A Marginal Perspective of the Market

Let’s now make a link between Module 5 and this module by thinking about costs. Each producer incurs costs to make or produce their product. If you are from a farm, you know that your family must buy equipment and other inputs such as seeds, fertilizer, and chemicals (herbicides and insecticides) to grow and harvest crops profitably. If your family operates a cattle ranch, you have to pay for veterinary services, feed, barns, fencing and a whole lot more. If you are in the business of food production, you must buy ingredients for baking or cooking, kitchen appliances including ovens, stoves and refrigeration, plus a whole lot more. In all cases, the producer must incur costs to produce goods that are then sold in the market. Each individual or business/firm faces costs as expressed below in Figure 7-1.

Figure 7-1: Total cost in blue and total revenue in red with price. Permission: Courtesy of course author Hayley Hesseln, Department of Agriculture and Resource Economics, University of Saskatchewan.

Of course this cost curve is familiar. We could look at this as the costs an individual producer faces or the industry as a whole. In any case, the curve shows that as the producer makes more output, the cost of production increases (see Module 5). Remember now from Module 1 that one of the principles was that rational people think at the margin. We can take a marginal look at costs by asking at any stage of production, what is the cost for making “one more unit?” This is known as the marginal cost.

To determine the marginal cost, we would calculate the change in cost at each stage of production to produce one more unit. This is the change in cost divided by the change in quantity. If we consider changing quantity by one unit, then the marginal cost is the change in total cost divided by one.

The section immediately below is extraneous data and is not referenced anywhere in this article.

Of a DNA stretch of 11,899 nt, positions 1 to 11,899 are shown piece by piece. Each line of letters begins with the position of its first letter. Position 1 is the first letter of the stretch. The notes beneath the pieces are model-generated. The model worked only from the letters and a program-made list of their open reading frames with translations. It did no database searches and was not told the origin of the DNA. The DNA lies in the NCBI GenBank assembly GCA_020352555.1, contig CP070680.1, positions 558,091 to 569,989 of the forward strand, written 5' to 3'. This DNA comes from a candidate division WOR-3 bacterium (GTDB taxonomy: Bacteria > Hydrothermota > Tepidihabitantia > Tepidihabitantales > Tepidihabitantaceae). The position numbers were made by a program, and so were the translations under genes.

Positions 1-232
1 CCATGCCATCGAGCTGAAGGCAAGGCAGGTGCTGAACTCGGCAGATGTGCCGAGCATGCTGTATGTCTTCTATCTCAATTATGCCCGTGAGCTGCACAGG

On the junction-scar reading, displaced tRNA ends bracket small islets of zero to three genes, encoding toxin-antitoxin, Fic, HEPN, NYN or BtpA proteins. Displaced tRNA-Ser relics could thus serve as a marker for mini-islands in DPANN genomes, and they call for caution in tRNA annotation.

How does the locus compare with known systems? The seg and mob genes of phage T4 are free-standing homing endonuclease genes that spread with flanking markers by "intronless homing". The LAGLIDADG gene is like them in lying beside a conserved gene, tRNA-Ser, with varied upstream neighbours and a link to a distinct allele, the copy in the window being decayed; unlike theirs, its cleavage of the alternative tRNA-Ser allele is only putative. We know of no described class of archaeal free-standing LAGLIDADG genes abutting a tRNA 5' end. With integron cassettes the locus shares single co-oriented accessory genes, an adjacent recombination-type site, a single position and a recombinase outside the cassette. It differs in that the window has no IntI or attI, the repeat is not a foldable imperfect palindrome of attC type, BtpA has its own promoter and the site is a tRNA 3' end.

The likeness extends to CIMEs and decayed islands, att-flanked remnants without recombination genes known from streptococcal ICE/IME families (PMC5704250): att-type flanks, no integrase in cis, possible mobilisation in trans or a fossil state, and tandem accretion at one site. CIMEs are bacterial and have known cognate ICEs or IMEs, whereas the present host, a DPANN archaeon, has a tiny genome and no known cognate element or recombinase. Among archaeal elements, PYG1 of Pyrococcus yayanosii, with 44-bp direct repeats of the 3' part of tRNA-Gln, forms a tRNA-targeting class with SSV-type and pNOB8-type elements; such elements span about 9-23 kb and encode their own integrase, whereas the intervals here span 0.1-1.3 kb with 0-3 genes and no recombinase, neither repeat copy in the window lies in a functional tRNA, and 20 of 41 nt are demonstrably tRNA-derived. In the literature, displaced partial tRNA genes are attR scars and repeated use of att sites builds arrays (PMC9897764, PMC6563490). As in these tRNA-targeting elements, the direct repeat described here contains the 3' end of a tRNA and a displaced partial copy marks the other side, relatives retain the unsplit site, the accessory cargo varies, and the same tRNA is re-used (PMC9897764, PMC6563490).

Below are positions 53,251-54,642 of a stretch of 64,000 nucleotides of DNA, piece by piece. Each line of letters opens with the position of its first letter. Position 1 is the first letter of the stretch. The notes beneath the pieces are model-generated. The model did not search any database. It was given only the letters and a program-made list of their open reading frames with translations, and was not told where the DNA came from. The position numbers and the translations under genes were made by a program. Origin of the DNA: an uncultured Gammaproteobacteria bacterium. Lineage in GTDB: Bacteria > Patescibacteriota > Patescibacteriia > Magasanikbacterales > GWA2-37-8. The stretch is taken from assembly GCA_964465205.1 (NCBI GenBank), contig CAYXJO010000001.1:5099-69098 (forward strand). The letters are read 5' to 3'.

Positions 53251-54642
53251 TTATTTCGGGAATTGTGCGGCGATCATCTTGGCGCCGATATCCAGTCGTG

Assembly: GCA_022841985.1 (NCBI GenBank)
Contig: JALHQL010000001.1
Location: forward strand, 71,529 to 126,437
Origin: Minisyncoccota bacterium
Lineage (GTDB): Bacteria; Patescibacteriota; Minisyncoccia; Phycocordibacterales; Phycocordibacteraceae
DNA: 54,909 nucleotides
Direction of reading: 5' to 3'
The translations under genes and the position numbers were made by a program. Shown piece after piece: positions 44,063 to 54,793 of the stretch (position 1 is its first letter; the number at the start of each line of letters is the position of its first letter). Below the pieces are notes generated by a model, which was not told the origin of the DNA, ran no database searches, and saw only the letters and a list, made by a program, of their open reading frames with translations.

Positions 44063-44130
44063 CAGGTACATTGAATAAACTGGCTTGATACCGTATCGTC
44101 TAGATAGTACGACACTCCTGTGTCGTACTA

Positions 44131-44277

For example, if you were a company that manufactures GPS devises for precision farming, you could determine the cost of making the first unit using the analysis we’ve explored up until now. You could ask the question, what would it cost to make a second unit? A third unit? You are asking a question at the margin – what is the cost to produce one more unit?

To calculate the marginal cost, we divide the change in total cost by the change in inputs. Of course it is possible to calculate the marginal cost for increasing production by more than one unit where the move from Quantity1 to Quantity2 is greater than one unit. We could also estimate marginal revenue. That would be the change in total revenue divided by the change in quantity.

MC = (TC2-TC1)/(Q2-Q1)                       MR = (TR2-TR1)/(Q2-Q1)

Another way to think of marginal cost and marginal revenue is the measure of the slope of a line tangent to the total cost curve (for marginal cost) or total revenue curve (for marginal revenue). We could also use calculus, by differentiating total cost with respect to quantity or total revenue with respect to quantity. Each method produces the same results and measures the change in cost or revenue as production increases in small increments.